CFPUA asks to join Chemours lawsuit as new, previously unknown PFAS identified in the water

Chemours and CFPUA are monitoring levels of PFAS chemicals downriver form the Chemours plant in Greenville. Pictured is the Cape Fear River near downtown Wilmington. (Port City Daily photo/Mark Darrough)
Chemours recently identified previously unknown PFAS that may reach the Cape Fear River. (Port City Daily photo/Mark Darrough)

WILMINGTON — The Cape Fear Public Utility Authority is contending that it should be granted equal standing in negotiations for a lawsuit against Chemours, in which the state is arguing that Chemours has allowed undue levels of PFAS into the drinking water of some New Hanover County residents. The request comes on the heels of news of additional, previously unknown PFAS in the Cape Fear River.

CFPUA said in a motion filed with the court this week that its officials were not consulted “about important proposals to address the burdens CFPUA and our community bear for Chemours’ contamination,” according to a press release from CFPUA. The press release said under an addendum to the state’s consent order, Chemours will have until 2025 to outline steps that will “result in significant reductions of PFAS entering the river from groundwater and stormwater runoff at its highly contaminated industrial site.”

The lawsuit, filed originally by the state, alleges that “the surface water into which the Chemours Facility discharges wastewater is used as a public water supply source that serves residents and businesses in several counties,” and also asserts that Chemours and its predecessor, DuPont, “knew for years that GenX and related compounds were being discharged into surface waters of the State.”


“The State has rightly insisted that Chemours pay for measures to provide safe drinking water for any owner of a private well near the Chemours site found to contain PFAS at concentrations of 10 parts per trillion (ppt) for any one compound or 70 ppt for the total of all PFAS. Deadlines for the steps Chemours must take for these well-owners are measured in days or months,” CFPUA stated in a release. “In contrast, CFPUA’s customers and others who rely on the Cape Fear River for their drinking water are told to wait years for promised PFAS reductions measured in percentages.”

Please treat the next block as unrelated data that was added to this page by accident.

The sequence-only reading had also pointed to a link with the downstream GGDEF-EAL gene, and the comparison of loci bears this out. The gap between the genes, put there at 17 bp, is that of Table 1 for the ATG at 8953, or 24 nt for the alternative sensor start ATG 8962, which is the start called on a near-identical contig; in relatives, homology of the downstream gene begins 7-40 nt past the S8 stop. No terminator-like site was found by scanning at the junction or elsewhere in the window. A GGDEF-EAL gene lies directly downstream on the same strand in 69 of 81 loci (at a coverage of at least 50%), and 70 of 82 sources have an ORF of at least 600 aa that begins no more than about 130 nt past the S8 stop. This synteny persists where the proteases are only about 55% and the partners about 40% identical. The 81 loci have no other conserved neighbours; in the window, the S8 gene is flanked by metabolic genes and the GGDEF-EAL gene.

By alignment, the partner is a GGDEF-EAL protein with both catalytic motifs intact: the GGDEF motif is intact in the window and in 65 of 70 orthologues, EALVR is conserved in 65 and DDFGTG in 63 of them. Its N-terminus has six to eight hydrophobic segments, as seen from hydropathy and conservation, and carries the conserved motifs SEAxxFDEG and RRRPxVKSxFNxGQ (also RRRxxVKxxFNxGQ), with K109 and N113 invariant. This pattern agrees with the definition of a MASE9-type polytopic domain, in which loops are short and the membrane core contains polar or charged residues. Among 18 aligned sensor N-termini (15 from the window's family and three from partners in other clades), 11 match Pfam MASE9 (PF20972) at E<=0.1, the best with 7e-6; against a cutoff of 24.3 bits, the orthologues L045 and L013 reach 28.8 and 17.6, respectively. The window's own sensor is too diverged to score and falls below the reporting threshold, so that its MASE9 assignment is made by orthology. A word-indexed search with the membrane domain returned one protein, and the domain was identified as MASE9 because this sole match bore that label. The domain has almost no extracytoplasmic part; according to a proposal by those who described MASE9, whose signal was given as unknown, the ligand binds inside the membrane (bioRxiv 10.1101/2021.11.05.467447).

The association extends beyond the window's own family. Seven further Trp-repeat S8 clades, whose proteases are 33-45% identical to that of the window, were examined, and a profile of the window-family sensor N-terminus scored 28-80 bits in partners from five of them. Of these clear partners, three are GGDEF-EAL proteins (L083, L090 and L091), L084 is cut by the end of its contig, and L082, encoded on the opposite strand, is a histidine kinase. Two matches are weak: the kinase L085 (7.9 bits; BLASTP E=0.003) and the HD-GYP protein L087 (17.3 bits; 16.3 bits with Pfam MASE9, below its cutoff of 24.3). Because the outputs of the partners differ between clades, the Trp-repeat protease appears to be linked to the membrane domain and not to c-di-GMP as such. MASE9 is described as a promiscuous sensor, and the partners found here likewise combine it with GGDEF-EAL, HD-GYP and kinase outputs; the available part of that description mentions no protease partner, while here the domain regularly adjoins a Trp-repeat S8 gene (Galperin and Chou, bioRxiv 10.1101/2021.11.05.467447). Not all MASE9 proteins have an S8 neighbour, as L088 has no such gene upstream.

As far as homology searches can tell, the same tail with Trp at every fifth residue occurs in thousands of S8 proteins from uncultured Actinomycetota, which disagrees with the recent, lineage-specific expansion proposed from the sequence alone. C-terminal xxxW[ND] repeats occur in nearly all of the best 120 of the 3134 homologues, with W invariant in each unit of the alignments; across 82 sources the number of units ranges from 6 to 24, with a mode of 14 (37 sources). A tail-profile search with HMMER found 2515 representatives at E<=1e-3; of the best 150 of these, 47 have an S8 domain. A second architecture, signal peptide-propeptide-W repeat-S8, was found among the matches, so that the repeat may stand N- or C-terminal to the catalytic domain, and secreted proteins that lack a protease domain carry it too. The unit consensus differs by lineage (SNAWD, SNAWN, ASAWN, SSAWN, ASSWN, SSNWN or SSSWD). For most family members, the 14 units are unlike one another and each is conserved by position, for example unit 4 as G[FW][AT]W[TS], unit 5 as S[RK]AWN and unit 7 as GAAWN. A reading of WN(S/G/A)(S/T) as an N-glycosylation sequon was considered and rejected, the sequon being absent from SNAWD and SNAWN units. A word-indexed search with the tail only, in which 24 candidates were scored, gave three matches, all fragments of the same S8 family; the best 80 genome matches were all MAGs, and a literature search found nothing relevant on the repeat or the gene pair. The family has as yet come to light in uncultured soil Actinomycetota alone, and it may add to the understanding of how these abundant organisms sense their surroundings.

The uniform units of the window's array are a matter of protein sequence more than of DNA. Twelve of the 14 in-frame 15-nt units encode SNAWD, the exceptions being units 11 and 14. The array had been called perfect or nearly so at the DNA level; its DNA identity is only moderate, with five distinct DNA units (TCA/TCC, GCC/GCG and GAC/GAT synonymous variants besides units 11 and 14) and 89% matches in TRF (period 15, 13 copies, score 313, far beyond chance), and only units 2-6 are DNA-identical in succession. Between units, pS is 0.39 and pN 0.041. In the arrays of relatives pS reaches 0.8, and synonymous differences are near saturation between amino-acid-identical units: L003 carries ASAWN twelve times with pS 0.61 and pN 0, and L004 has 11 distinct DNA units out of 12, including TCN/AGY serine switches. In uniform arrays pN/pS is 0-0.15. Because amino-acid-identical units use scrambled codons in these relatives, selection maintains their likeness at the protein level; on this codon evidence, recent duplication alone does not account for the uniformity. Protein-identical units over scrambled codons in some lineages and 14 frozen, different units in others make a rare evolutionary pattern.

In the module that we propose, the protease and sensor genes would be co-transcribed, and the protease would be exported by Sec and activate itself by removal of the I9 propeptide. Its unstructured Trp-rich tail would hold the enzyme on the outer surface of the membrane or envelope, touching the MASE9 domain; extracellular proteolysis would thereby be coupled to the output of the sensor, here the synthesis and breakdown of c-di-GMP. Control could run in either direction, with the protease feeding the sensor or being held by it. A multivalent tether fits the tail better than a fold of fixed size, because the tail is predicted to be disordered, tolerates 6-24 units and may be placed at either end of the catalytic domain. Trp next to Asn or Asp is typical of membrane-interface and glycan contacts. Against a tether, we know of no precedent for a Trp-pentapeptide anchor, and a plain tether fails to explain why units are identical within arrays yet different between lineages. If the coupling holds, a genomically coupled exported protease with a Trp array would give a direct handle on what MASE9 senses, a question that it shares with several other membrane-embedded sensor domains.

As it has in the past, CFPUA noted that Chemours’ pollution has a direct financial impact on Wilmington-area residents. According to CFPUA, addressing PFAS filtration has meant upgrading its Sweeney Water Treatment Plant, and “the $43 million cost to build the enhancements, as well as the estimated $2.9 million to operate the additional filters each year, are being borne by CFPUA’s customers, not Chemours.”

CFPUA’s latest action comes local environmental groups, including Clean Cape Fear, are drawing attention to a study revealing additional, unknown PFAS-type chemicals that are being dumped into the Cape Fear.

BREAKING: Chemours completed their non-targeted analysis report required by the consent order. It found over 250+…

Posted by Clean Cape Fear on Tuesday, September 8, 2020

On June 30, Chemours released a report that hoped to provide more clarity on how their actions are affecting surrounding waters. The internal report found that 21 previously unidentified PFAS were collected at locations that may reach the Cape Fear River. In samples that came from process wastewater from Chemours manufacturing areas, there were 250 previously unknown PFAS found. 

Chemours addressed the findings in a statement:

Chemours submitted a PFAS non-targeted analysis interim report to NCDEQ in June pursuant to the Consent Order entered February 25, 2019 with North Carolina Department of Environmental Quality and Cape Fear River Watch. The purpose of the non-targeted analysis work is to identify unknown compounds and develop standards and methods for quantitative analysis of such compounds. Multiple sampling points at the Fayetteville Works site were used to collect samples, including from locations not currently discharging to the Cape Fear River. Our results estimated 20 compounds that were not previously identified in earlier studies from locations that may reach the Cape Fear River and 250 such compounds at non-discharge locations. As provided in the interim report, we are continuing to work to identify, and potentially confirm, molecular structures and analytical protocols.

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